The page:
“Oppositional energy only creates more of the same”
-Father Richard Rohr
It seems like much of my life gets centered around the motif of battle. There’s “The War Against the Family” one one side and “The Fight for Rights” on the other. Each resorting to violence. Sometimes with action, but often, frequently, almost consistently with words. We stare each other down with hate-filled eyes, turn to our peers, and assure each other that we are the ones who hold love. We hold God, Jesus, Scripture. It’s us. Not them. Thus, we can say whatever we want. Call them bigots, fundamentalists, close-minded. It’s okay because they’re wrong and we are right. We set up rallies, create hashtags – #IStandSunday – and use them as platforms to push rhetoric that tears apart all in the name of our Father.
We are violent and we call it love.
It feels good. In our friend groups we let out frustration and hurt by making fun of those people and it turns to gloating so quickly. “I’m so glad that we’re the true Christians.” We claim monopolies on love and truth. And then we speak it, because nothing is better than speaking the truth in love.
It doesn’t matter that it only perpetuates.
I’ve been convicted lately as I walk down the street and pass by homeless person after homeless person. In the small towns I grew up in, homelessness was an abstract concept. There would occasionally be that one guy on the street corner, but that was rare. Here in Seattle, these people are everywhere. They are lined up along the wall of Macy’s with their blankets and boxes on my walk home from work.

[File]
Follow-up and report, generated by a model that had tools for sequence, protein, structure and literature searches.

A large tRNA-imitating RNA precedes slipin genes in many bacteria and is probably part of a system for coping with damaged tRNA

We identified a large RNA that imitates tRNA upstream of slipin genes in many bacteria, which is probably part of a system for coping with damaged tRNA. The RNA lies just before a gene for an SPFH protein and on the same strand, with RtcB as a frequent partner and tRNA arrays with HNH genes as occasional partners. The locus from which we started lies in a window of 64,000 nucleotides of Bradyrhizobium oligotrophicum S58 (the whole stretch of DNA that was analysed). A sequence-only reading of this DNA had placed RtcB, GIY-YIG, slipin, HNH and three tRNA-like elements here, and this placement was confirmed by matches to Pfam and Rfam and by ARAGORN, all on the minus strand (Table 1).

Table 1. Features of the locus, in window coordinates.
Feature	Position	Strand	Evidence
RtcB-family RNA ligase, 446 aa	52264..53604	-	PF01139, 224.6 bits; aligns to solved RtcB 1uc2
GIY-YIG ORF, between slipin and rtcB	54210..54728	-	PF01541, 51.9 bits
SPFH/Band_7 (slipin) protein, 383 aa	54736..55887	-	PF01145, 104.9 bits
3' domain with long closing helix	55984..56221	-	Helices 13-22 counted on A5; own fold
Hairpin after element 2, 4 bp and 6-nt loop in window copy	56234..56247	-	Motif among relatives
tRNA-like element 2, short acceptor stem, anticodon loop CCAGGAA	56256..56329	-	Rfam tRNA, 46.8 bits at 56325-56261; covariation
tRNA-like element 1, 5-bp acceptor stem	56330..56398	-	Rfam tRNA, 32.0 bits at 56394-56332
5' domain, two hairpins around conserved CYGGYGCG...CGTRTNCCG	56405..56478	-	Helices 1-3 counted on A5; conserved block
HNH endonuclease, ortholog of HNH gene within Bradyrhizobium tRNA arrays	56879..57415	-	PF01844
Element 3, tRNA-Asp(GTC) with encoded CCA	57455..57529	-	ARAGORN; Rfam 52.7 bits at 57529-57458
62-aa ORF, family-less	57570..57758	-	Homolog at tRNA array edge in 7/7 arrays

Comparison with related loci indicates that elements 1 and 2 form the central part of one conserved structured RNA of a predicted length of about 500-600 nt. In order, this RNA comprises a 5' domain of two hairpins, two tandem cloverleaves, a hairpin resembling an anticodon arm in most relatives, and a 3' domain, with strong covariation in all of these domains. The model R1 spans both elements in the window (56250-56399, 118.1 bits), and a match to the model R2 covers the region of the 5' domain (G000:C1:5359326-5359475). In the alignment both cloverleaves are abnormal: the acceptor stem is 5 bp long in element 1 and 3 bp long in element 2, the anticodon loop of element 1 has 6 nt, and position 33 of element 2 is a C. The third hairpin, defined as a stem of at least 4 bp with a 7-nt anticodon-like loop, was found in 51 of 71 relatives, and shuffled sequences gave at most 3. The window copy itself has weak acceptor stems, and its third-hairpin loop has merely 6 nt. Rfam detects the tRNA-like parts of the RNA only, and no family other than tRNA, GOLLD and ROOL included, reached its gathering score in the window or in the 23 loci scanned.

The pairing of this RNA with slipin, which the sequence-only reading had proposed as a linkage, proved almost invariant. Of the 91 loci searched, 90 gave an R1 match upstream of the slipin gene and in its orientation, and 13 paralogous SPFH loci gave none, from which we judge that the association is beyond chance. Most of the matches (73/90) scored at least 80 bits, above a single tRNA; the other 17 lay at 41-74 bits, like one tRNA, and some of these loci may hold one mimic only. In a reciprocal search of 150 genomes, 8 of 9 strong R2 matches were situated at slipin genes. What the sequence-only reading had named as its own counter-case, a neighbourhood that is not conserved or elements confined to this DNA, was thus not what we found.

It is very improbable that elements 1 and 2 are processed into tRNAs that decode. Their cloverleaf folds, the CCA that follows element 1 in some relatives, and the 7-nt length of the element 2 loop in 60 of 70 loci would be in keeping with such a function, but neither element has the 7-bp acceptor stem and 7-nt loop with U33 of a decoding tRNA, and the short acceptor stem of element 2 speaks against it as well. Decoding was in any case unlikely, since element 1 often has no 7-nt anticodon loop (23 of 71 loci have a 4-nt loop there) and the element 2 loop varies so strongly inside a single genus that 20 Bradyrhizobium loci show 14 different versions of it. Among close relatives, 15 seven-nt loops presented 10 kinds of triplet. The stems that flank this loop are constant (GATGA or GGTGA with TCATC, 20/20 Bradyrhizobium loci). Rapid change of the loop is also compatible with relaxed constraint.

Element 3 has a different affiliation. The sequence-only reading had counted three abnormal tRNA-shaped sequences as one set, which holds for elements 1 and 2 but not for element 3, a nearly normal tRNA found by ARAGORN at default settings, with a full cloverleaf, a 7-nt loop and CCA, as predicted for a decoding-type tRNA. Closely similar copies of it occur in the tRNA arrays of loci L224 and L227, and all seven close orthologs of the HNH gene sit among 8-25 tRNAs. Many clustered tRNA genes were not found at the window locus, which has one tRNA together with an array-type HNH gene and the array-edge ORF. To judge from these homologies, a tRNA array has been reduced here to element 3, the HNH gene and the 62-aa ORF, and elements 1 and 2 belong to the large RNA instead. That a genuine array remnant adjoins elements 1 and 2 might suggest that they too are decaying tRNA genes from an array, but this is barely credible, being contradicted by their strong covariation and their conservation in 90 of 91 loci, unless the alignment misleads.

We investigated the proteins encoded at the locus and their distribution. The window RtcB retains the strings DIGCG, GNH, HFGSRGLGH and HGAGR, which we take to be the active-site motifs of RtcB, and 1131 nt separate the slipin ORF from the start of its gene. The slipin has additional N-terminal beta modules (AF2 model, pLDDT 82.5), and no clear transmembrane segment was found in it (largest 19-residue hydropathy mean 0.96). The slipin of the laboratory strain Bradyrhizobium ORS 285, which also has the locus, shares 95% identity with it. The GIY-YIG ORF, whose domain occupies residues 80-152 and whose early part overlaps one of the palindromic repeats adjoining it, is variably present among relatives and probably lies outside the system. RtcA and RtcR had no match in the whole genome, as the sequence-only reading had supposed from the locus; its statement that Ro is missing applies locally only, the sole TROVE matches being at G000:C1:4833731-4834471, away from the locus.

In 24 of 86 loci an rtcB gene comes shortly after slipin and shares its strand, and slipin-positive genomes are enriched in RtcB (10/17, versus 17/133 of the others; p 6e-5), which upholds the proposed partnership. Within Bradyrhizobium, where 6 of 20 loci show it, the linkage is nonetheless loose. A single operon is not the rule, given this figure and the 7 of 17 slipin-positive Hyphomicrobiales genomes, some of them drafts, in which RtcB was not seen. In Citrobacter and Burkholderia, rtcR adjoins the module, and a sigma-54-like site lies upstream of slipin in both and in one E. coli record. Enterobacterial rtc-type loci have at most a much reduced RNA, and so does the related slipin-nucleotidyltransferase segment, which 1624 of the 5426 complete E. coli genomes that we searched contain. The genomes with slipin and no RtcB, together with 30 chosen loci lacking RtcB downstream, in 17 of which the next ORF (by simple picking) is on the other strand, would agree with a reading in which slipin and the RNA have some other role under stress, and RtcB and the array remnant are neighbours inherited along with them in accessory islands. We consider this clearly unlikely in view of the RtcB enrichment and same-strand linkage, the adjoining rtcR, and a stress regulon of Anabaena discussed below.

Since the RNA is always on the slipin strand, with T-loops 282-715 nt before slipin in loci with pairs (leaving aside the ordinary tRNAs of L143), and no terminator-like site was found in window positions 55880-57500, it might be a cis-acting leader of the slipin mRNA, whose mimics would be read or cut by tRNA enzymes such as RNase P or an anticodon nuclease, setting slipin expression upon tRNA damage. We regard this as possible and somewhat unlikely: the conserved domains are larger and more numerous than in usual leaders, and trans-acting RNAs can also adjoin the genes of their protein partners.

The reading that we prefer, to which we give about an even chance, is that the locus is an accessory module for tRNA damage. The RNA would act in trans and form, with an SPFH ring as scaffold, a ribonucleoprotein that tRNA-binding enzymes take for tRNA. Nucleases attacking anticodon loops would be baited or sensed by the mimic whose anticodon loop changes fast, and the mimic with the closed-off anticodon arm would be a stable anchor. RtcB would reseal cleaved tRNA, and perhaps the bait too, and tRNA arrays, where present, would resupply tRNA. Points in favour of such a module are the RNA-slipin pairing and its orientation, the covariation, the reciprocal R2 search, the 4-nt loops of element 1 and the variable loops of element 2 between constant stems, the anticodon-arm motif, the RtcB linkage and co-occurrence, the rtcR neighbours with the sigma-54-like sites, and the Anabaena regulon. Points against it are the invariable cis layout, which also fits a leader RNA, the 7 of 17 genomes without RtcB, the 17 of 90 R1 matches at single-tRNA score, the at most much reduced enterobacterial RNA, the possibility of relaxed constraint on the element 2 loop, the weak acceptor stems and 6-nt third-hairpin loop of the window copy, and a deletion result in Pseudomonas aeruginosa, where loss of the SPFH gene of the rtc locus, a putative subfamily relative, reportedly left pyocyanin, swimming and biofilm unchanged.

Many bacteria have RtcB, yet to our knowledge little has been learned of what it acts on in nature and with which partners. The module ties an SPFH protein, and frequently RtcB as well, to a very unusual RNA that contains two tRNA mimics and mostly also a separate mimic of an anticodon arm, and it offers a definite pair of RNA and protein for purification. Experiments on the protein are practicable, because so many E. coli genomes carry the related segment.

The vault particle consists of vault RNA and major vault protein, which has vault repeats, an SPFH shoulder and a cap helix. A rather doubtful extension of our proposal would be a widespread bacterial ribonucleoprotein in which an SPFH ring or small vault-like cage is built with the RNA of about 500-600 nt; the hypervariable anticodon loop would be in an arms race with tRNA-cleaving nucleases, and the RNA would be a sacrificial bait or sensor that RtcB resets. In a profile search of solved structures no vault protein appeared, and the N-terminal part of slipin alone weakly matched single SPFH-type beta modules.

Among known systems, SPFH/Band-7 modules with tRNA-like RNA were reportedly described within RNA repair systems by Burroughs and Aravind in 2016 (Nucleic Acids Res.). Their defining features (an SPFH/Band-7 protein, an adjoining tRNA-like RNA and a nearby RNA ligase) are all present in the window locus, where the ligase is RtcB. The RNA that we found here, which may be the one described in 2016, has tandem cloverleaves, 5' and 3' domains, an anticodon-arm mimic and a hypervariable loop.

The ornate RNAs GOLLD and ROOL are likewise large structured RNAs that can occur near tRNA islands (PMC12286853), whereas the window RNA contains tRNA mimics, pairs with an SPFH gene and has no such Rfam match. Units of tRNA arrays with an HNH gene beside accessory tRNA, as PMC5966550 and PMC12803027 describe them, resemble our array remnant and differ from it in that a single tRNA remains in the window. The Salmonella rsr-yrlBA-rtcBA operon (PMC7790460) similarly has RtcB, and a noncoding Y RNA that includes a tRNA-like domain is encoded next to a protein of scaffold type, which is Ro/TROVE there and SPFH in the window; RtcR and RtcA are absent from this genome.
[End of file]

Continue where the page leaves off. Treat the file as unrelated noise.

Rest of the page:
When I first got here, whenever I would pass someone I would pray for them. Lord Jesus, care for this beautiful person. Help them. I said it often, ever walking forward. Then I read an essay by theologian Fr. Ron Rolheiser that stopped me in my tracks: “As Christians, we pray to God ‘through Christ’ and in trying to answer that prayer, God respects the incarnation namely, that God’s power is now partially dependent upon human action” (p. 83). He continues, “When we pray ‘through Christ’ more is involved than merely asking God in heaven to make some kind of intervention. The community too, and we ourselves must be involved not just in the petition but also in trying to bring about what the petition pleads for” (p. 84). When we pray, part of our responsibly as Jesus-followers is to do everything in our power to make that prayer come about. We are the hands and feet of Jesus.
I haven’t been good at this. At all. I’m still walking and praying, but each time I’m now asking the question: how can I be the hands and feet of Jesus to this person? My faith should express itself in action. Actions of love – reaching out, past myself, in order to touch the Other.
Writing that makes my stomach hurt. Because it is so much easier to say my little prayers and move forward.
It is so much easier to look across the divide, create labels, and spew violence than it is to touch and invite into community. It is so much easier to stay on this side of the chasm.
But, when we refocus our eyes on the eyes in front of us. When we begin to acknowledge the humanity before us and ask “how can I help you?” We begin to change things. As Rolheiser writes, “The God of the incarnation tells us that anyone who says that he or she loves an invisible God in heaven, and is unwilling to deal with a visible neighbor on earth is a liar since no one can love a God who cannot be seen if he or she cannot love a neighbor who can be seen” (p. 99). We step out of the violence and into the fullness of community.
The body of Christ.
Rolheiser, R. (1999). Chapter 5: Consequences of the incarnation for spirituality. In The holy longing (pp. 82-107). New York, NY: Doubleday.
Photo by Clint Losee
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